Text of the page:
Gia has just bought herself the latest model human being. Some assembly is required, however. After reading the manual carefully and experiencing some minor hiccups, she's well on her way to have him fulfill his purpose: sex. But the new model is not as promising as advertised, and after only a short hour, doesn't work properly at all anymore. So just like any of us would, she decides to call Customer Support. And while she is stuck on the phone trying to explain the situation, the man still feels the need to fulfill his purpose. But what worth is a man whose manhood will not work? She will soon find out. Written by
A story of the future and interpersonal relations. I think.
Frankly, I'm not too sure what the hell it's about. It may be that this brief film -- about 20 minutes -- carries a moral message of some weight, though banal. Or it may be that there is no moral message at all, and that it's intended as a divertisement, like a Laurel and Hardy two reeler.
In the future depicted here, a young lady, Lucy Egerton, is woken by the automatic voice telling her it's time to get up. She dresses in what appears to be plastic and includes a tiny skirt and a transparent face shield of the sort used by riot control officers.
At the foot of the bed is a man's head and naked torso. Egerton begins to assemble the device after consulting the manual. It's not as easy as the instructions make it sound. It never is. But the android's purpose seems to be sex and once she has the arms and legs on, she gets to choose the size of the penis. A sensible young lady, and not a savage masochist, she choose a medium-sized Schlong.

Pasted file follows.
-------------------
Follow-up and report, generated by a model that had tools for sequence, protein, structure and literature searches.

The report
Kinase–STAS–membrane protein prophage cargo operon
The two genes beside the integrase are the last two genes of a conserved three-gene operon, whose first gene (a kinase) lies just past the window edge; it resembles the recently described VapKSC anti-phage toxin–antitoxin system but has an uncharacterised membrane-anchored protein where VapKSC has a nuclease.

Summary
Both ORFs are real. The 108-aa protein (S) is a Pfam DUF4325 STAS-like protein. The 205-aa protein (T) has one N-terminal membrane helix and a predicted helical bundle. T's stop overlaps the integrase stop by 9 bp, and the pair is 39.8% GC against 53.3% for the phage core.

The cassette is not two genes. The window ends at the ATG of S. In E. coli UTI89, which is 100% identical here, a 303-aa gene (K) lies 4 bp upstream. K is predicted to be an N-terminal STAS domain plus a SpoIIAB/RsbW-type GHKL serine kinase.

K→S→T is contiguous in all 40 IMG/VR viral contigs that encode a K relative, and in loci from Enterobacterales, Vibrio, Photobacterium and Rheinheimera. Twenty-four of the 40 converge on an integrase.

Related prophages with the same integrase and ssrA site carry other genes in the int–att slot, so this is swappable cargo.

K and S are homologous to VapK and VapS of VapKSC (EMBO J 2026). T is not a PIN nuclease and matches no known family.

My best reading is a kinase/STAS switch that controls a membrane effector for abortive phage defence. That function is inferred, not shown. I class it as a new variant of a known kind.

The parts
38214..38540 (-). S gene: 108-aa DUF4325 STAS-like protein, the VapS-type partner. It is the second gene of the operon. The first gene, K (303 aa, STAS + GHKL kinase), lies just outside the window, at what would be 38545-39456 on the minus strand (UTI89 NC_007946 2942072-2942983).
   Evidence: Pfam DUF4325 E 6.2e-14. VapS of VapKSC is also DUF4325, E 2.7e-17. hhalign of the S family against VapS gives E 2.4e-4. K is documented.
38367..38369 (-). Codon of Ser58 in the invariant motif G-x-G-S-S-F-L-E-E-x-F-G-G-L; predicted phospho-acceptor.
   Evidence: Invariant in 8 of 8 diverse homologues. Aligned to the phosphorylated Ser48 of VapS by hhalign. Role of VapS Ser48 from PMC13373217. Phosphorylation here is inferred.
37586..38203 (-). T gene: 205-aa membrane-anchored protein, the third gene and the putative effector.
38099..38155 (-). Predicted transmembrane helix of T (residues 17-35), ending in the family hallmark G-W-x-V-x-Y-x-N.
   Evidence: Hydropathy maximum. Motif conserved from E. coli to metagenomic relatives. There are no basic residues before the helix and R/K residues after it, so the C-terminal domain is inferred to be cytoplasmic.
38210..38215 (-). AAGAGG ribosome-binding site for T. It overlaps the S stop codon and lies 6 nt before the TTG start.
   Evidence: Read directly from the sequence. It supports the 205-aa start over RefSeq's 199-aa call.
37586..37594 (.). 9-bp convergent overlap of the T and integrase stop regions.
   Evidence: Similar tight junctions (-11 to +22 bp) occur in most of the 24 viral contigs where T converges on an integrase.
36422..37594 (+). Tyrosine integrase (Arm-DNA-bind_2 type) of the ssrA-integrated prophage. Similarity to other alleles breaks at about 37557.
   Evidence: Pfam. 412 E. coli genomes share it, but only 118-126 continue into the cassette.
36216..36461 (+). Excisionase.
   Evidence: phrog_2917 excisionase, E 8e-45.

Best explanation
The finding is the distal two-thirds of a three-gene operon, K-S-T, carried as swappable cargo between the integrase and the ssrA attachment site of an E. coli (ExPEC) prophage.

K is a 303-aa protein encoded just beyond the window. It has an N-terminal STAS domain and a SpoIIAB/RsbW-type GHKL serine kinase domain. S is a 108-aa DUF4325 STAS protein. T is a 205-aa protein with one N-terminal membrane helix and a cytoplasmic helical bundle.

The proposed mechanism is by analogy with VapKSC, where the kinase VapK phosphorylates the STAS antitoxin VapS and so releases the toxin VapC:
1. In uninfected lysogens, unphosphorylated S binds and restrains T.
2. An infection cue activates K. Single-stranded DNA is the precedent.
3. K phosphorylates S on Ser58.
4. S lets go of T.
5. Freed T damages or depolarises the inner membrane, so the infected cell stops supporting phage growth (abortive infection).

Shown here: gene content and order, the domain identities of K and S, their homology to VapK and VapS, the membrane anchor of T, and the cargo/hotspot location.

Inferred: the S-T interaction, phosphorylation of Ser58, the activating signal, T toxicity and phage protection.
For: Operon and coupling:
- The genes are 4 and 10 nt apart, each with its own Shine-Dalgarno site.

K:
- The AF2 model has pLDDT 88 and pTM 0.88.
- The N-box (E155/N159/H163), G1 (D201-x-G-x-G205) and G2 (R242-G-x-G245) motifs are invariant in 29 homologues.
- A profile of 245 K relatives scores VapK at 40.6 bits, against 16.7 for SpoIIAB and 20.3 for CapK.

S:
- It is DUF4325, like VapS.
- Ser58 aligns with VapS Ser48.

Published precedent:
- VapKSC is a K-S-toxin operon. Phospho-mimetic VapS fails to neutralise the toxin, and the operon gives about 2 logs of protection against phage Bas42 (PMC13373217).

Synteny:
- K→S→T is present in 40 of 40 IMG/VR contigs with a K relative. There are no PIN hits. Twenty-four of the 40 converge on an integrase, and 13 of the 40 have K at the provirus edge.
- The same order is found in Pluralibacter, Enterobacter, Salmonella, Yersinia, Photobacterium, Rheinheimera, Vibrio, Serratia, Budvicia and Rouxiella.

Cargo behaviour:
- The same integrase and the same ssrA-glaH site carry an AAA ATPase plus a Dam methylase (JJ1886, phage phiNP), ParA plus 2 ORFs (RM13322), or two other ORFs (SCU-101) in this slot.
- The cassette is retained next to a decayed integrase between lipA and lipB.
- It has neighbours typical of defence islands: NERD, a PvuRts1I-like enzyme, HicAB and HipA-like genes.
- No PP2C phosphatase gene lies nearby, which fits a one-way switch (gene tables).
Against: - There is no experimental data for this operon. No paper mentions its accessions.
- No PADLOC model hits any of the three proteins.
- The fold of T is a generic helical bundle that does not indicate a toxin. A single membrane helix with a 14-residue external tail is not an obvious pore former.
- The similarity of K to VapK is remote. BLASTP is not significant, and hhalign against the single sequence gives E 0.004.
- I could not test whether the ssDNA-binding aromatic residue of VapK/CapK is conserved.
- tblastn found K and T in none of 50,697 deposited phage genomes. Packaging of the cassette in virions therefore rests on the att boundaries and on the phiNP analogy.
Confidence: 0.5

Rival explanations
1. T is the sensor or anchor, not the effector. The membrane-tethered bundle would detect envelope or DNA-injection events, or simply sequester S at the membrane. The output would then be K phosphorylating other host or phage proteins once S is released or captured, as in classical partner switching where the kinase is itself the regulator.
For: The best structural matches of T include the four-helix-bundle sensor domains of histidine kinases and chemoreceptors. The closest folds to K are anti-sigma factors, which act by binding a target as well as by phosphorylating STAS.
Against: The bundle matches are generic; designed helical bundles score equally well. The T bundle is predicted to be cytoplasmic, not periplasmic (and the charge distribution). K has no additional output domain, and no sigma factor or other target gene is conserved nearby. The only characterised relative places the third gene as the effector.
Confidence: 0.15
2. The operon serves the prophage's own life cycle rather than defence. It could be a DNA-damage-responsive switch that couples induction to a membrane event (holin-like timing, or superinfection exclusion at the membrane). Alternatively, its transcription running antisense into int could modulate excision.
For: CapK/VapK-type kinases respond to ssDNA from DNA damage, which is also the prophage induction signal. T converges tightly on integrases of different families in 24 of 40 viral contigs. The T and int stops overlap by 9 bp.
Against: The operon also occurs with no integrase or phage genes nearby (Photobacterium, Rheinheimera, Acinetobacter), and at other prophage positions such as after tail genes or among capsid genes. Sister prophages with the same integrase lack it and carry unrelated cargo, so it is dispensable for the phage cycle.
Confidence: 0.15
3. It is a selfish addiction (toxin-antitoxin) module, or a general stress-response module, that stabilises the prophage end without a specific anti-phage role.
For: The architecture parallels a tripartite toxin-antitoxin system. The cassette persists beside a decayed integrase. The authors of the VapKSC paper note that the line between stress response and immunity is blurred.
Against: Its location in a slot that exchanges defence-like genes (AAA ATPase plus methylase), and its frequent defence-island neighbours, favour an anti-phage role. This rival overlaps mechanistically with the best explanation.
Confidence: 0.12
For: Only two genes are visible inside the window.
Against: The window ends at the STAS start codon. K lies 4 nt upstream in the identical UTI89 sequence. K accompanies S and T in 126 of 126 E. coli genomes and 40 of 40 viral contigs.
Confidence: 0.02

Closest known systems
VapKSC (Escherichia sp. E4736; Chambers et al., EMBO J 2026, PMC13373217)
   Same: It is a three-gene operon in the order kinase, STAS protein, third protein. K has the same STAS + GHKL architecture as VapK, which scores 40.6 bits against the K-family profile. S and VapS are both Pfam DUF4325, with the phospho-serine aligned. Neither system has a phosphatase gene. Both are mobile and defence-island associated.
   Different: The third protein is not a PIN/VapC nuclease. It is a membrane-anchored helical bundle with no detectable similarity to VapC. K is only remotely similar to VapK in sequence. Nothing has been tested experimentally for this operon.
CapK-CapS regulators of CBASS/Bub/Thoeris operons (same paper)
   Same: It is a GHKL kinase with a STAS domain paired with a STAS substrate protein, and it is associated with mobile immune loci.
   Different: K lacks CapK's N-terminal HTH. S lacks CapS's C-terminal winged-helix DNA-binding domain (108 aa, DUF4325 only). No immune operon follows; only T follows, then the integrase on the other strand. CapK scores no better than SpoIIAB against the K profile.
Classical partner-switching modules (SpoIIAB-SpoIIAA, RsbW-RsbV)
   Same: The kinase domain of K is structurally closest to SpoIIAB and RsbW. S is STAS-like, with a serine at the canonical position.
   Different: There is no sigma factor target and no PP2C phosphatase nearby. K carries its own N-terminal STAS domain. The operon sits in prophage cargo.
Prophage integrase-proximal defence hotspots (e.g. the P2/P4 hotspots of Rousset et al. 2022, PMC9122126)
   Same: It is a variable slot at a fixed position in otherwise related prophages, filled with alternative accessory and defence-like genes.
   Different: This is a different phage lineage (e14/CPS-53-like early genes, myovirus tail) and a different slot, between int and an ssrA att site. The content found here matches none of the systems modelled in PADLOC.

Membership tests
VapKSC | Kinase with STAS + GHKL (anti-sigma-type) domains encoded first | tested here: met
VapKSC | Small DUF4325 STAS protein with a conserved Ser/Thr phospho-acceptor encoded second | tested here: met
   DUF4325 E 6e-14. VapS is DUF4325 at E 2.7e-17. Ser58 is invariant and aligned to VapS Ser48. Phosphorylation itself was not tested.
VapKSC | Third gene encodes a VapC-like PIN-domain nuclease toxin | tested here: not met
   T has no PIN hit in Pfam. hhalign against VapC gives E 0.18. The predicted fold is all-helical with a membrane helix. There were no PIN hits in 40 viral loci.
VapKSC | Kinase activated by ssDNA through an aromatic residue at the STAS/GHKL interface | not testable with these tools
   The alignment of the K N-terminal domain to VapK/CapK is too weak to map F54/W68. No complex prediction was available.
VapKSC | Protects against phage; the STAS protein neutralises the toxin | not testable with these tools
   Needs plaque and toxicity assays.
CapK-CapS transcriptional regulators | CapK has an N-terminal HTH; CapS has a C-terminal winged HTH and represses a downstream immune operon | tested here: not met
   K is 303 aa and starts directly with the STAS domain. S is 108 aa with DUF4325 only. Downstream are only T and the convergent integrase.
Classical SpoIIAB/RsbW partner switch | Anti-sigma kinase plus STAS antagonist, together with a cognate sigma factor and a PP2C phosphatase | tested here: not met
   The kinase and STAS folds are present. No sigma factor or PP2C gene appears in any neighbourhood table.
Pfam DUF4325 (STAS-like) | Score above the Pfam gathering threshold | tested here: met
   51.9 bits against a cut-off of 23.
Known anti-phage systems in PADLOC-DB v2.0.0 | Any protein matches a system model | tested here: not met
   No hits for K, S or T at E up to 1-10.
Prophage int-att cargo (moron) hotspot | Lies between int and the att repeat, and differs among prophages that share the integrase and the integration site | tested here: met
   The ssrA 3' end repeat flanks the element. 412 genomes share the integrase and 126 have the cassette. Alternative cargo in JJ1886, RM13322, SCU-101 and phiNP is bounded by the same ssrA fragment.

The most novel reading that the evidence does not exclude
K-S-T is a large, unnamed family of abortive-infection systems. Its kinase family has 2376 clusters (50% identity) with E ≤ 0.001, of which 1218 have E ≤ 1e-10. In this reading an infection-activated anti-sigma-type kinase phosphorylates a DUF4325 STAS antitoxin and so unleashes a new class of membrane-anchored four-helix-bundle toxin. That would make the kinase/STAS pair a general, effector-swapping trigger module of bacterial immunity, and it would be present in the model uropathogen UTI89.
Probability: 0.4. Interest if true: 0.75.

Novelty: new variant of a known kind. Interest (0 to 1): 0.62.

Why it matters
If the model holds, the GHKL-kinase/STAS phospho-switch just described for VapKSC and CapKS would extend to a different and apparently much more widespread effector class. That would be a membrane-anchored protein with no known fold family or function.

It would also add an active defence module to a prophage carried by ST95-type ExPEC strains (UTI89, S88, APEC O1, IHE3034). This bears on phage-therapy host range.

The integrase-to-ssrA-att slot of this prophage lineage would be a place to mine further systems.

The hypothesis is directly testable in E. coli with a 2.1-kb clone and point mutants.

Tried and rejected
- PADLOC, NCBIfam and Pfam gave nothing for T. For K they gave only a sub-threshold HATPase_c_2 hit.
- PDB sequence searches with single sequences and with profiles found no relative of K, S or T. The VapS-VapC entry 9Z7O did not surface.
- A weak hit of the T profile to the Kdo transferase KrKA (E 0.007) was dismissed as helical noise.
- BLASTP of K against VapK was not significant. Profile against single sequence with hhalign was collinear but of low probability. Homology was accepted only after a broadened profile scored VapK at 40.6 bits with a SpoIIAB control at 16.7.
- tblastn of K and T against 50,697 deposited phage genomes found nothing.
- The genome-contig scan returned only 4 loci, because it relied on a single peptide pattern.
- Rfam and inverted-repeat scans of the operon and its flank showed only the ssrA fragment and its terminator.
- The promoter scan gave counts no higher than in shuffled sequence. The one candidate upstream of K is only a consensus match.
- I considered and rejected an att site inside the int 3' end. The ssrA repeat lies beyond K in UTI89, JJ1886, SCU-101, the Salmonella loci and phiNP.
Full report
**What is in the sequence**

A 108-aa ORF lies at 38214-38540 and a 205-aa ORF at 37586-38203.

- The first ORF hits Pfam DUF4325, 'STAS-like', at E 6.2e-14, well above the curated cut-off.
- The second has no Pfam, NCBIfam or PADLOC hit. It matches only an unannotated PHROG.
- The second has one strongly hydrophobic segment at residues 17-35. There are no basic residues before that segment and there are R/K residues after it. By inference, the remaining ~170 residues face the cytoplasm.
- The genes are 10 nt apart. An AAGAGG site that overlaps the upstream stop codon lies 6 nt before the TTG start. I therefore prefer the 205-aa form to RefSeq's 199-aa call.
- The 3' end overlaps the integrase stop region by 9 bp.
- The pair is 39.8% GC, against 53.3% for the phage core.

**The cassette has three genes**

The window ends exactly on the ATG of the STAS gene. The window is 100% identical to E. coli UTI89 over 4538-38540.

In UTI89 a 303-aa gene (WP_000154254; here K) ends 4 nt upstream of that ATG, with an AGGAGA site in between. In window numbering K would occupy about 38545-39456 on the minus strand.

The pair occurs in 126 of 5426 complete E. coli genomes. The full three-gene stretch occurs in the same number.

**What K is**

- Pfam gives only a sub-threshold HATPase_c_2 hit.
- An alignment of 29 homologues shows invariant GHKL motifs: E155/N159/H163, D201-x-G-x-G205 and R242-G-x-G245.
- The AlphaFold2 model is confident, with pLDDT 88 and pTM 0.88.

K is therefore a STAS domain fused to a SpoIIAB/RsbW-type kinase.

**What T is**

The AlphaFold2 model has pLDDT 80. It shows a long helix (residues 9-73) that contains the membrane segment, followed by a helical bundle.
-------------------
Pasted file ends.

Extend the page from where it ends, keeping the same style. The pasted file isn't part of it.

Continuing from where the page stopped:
The thing breaks down and loses its erection -- or something, the film isn't really physically explicit. So she calls customer service and bitches about it, as if it were a vacuum cleaner or an electric toothbrush. While she's still complaining, the device -- played beautifully by the goofy M. J. Judgefield -- plunges ahead with his dedicated function and manages to excite Egerton by means of a lavish display of continental affection.
I kind of enjoyed it, after framing it as an amusement rather than a lecture. After all, we already know that in the future everything will be cold and functional, including sex. "Farenheit 451" explained that. And the mechanical machinations of role playing have been detailed by sociologists like Erving Goffman and in tales like Edgar Allan Poe's "The Man That Was Used Up," in which a compelling speaker is revealed to be nothing more than a torso with fake extremities and details, that must assemble itself every morning.
Anyway I've been suspicious of these predictions of an arid future for some time now. If the pundits believe that passion, violence, jealousy, and pain will be absent, it can only be because they haven't lived through my marriage. Now THERE is the configuration of tomorrow.
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